Sous Vide Flank Steak Experiment

My long-awaited Nomiku arrived just before Thanksgiving.  I did some experiments over the holiday and this weekend I’m going to test it for flank steak.  The purpose is to examine the effect of sous vide time on the cooking of flank steak. Recipes online advocate 16-48 hours, but if less time works, then less advance planning is needed.

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two bags in the bath

  1. Divided a ~1.5 lb flank steak from HEB into 3 portions. Salted and put into individual bags with a touch of olive oil, some parsley stems, some fresh thyme, and some slivers of garlic.  Mark them 48, 24, and same day.
  2. First bag into a 130°F bath at 7:30 PM on Thursday. Other two in back into the meat drawer of the fridge.
  3. Second bag into the bath at ~7:00 PM on Friday. Bag 1 has a fair amount of red liquid around the meat.
  4. Third bag in at 9:00 AM Saturday

I wanted to do these roasted sweet potatoes too, but the recipe calls for an hour at 150°F and I don’t have a second temp controlled bath (yet!).  I figured it couldn’t hurt to go longer at 130°F and see what happens (the amylases are supposed to kick in at 135°F, but we don’t know the shape of the temperature dependence.  Sliced sweet potatoes into ~half-inch slices into the bath at 3:15 PM.  As with the carrots we did at Thanksgiving, the veggies float more than the meat, so it’s being held under by a colander.  I put a little water inside the bag in this case, but it didn’t help the flotation much.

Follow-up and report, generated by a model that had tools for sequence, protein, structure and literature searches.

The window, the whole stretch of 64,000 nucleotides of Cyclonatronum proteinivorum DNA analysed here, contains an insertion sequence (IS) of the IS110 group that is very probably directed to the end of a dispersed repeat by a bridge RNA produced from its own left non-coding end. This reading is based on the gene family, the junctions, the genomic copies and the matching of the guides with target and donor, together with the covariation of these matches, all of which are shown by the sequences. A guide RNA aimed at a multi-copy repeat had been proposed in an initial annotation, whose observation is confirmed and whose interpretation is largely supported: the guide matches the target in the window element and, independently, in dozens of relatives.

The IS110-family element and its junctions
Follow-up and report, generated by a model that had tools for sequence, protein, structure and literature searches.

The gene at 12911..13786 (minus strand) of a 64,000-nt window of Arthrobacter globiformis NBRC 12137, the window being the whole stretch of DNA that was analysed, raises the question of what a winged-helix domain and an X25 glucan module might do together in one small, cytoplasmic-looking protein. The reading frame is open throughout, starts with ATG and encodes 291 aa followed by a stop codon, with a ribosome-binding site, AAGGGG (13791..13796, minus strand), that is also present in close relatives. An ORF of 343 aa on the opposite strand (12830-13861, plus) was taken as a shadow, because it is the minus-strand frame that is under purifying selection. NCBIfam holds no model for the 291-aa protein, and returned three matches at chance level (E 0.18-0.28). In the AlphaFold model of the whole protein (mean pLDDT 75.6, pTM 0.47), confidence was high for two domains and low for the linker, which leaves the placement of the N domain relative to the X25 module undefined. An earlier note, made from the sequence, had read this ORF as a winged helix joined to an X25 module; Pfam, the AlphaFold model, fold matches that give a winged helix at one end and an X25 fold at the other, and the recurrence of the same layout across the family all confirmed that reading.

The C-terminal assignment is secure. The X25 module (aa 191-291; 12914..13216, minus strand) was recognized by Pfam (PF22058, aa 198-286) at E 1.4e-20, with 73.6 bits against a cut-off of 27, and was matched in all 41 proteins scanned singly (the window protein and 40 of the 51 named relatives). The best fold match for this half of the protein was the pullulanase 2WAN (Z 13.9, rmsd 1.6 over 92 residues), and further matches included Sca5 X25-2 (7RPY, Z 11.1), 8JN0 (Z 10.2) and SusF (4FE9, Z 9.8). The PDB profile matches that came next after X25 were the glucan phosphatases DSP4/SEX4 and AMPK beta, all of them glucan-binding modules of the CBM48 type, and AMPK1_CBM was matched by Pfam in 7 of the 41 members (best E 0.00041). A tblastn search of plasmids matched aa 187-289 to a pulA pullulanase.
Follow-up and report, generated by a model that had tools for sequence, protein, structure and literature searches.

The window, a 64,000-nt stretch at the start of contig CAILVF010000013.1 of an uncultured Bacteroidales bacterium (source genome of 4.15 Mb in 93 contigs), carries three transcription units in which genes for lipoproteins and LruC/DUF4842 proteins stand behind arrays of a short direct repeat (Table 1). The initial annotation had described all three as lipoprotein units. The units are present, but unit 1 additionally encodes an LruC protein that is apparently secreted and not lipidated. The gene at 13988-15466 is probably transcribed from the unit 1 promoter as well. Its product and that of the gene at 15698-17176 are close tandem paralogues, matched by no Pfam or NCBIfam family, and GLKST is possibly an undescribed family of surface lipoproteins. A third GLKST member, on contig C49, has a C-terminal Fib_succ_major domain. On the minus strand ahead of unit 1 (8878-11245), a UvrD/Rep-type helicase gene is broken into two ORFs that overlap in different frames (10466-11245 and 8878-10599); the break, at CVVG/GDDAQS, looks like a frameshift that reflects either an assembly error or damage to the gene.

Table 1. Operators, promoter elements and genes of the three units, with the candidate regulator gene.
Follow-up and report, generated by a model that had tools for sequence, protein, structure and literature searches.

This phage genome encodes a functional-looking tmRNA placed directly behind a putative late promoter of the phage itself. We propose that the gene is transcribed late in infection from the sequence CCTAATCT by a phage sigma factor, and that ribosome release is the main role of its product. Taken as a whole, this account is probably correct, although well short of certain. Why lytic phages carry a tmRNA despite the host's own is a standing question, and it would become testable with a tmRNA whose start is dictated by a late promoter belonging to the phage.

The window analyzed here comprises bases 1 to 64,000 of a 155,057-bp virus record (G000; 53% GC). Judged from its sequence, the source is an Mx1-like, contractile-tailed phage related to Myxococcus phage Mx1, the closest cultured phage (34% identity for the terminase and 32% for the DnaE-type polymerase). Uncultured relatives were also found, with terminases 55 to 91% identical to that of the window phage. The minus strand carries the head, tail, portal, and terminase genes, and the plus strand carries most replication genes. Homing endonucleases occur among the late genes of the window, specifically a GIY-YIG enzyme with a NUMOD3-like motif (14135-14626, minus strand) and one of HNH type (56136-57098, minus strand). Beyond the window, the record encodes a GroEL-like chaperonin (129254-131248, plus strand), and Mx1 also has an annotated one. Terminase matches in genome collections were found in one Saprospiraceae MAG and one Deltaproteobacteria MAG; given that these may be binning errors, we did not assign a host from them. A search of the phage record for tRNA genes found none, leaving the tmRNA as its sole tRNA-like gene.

Pulled the sweet potatoes and drained them. Spread them on a rimmed baking sheet with olive oil and rosemary.  Salted with kosher salt and put into a preheated 400°F oven.  After 30 min, flipped them individually and returned to the oven for another 20 minutes.

Pulled the meat at about a bit before 6 (we had an Aggie Women’s game at 7). I ran some cold water over the bags to cool the periphery of the meat. Then I pulled it out, discarded the wilted herbs, and patted it dry with a paper towel.  I seared in a hot cast iron pan with some canola oil, flipping every 30 sec for a total of 2 minutes.

Results and Discussion

This is what it looked like before and after searing.

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IMG_0897And this is what it looked like after slicing.

We tasted pieces going from the shortest time to the longest. Debby and I agreed that the longer time was noticeably more tender when tasting the three together. However, we both think that, for us, the difference isn’t worth going longer than overnight.  All three portions were very tasty, and even the 9 hour was pretty tender. Also, when we mixed them up on the dinner plate, the differences were not obvious between the 24 and 48 h incubations.

The roasted sweet potatoes were very good, and the caramelization suggested that the incubation had helped. However, I didn’t do controls on the sweet potatoes.  The browning was not as even as I would like; I think a better sheet pan, and/or moving the slices mid-cook might have helped.

I saved cooked the bag juices from the meat and used them to make a tiny risotto snack after the game.